It may be small, but it sure packs a punch. The Zenfone 9's screen is under 6" diagonally - a true rarity these days. For that size, the 1080p+ resolution is perfectly adequate. In fact, as we always say, it would be so even for 'normal' sized devices, since we don't think anyone can tell the difference between that and QHD+ in real life at realistic distances from the eye. But for such a small phone, this is almost like QHD+ on a very large one. So that area is covered very well.
Next up, let's talk brightness. The Zenfone 9's screen goes up to over 800 nits, according to our testing, which is enough that it never feels illegible, even on a bright sunny day. That said, some competitors like the Galaxy S22 almost push 1,000, and if we're bringing in bigger handsets to the comparison, things look even worse for the Zenfone. So you won't actually have problems with it in day-to-day use, but with brightness, more is always better, so perhaps the Zenfone 10 can break past the 1,000-nit barrier when it arrives.
At the other end of the scale, the Zenfone 9's display does get reasonably dim at the minimum brightness level, but it's far from the dimmest we've seen. And yet, that possible shortcoming is fully mitigated by the presence of the Extra dim feature, which allows you to 'apply more dimness', as it were, with an intensity slider of its own. Sure, it's an added hassle to employ this standalone feature, but we'll take it over nothing any day of the week - and it does have its own Quick Settings toggle, which makes it easier to use.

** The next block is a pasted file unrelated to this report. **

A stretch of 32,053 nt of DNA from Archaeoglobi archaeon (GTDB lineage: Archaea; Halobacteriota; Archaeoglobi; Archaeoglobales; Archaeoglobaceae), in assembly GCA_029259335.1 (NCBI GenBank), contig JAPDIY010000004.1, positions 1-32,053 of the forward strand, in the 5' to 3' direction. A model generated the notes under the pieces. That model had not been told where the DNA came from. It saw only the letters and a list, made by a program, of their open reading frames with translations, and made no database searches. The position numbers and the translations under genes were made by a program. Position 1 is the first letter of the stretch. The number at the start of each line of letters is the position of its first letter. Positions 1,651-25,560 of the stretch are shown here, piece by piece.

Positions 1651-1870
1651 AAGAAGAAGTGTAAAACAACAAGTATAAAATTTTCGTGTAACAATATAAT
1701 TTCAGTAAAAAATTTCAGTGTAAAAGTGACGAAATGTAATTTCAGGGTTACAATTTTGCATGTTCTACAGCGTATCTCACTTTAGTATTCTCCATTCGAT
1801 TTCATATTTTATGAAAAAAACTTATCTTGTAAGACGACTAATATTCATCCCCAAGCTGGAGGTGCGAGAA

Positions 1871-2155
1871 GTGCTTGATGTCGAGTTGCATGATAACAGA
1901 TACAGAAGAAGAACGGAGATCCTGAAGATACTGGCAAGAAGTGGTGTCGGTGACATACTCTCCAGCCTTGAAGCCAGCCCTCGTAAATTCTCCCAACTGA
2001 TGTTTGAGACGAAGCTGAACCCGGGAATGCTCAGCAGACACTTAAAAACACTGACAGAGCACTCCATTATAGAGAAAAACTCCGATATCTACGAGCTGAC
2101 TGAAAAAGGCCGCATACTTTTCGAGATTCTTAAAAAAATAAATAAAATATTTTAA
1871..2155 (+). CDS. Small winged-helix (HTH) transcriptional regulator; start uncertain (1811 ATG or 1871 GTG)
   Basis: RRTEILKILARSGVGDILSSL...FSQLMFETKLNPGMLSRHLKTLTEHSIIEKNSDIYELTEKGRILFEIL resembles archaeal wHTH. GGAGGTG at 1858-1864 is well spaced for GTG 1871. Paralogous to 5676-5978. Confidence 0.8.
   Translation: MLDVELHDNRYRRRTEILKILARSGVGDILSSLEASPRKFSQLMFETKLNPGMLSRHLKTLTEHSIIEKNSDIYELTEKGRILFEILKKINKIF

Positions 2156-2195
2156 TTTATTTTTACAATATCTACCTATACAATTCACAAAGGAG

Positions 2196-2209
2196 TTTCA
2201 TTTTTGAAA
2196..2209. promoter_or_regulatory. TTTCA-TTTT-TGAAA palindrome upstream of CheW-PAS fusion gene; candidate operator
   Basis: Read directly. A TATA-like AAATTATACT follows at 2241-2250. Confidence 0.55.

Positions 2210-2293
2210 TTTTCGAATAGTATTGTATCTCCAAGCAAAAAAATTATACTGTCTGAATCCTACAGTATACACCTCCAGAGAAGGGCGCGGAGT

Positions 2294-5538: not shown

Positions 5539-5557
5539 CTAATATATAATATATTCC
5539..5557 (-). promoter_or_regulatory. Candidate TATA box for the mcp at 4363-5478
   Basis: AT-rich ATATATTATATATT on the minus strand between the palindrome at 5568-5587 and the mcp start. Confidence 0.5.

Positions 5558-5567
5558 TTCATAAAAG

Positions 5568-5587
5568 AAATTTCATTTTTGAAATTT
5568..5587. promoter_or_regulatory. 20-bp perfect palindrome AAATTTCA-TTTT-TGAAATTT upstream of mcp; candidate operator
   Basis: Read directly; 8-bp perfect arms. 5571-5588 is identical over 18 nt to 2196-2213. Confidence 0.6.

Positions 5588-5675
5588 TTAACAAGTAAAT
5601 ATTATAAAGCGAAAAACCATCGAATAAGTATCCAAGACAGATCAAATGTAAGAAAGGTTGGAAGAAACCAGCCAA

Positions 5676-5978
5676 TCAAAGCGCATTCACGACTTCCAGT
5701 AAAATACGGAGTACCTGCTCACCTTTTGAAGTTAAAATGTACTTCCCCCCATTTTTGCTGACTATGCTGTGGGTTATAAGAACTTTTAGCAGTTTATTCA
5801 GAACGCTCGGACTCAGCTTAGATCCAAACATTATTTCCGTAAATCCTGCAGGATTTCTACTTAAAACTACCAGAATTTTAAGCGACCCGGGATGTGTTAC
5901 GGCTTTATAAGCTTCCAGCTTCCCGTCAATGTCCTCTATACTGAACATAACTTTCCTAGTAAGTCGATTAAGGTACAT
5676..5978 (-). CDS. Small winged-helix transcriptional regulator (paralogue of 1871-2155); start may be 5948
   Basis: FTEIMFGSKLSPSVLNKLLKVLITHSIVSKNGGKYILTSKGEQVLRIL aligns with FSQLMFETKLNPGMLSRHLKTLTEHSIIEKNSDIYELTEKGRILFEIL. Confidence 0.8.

With Extra dim, we don't think anyone would ever feel that the screen is too bright, even in pitch dark conditions. In fact, for this reviewer, the dimmest setting in Extra dim is way too dim, so there's clearly some leeway left even if you like your screen darker than we do. We wish all Android skins would implement this feature sooner, rather than later - it's a boon at night if you don't enjoy being fully lit up by your phone's screen like you're some kind of roadside attraction.
We're not sure if the Zenfone 9 has a second, rear-facing ambient light sensor as some other devices do, but if it does, then it's very bad at its job. So it's most likely there isn't one. Changes in ambient light taking place behind the phone are constantly ignored, and this would be okay for a mid-ranger, but the Zenfone 9 isn't one of those, so we expect nice little quality-of-life perks like this to be present.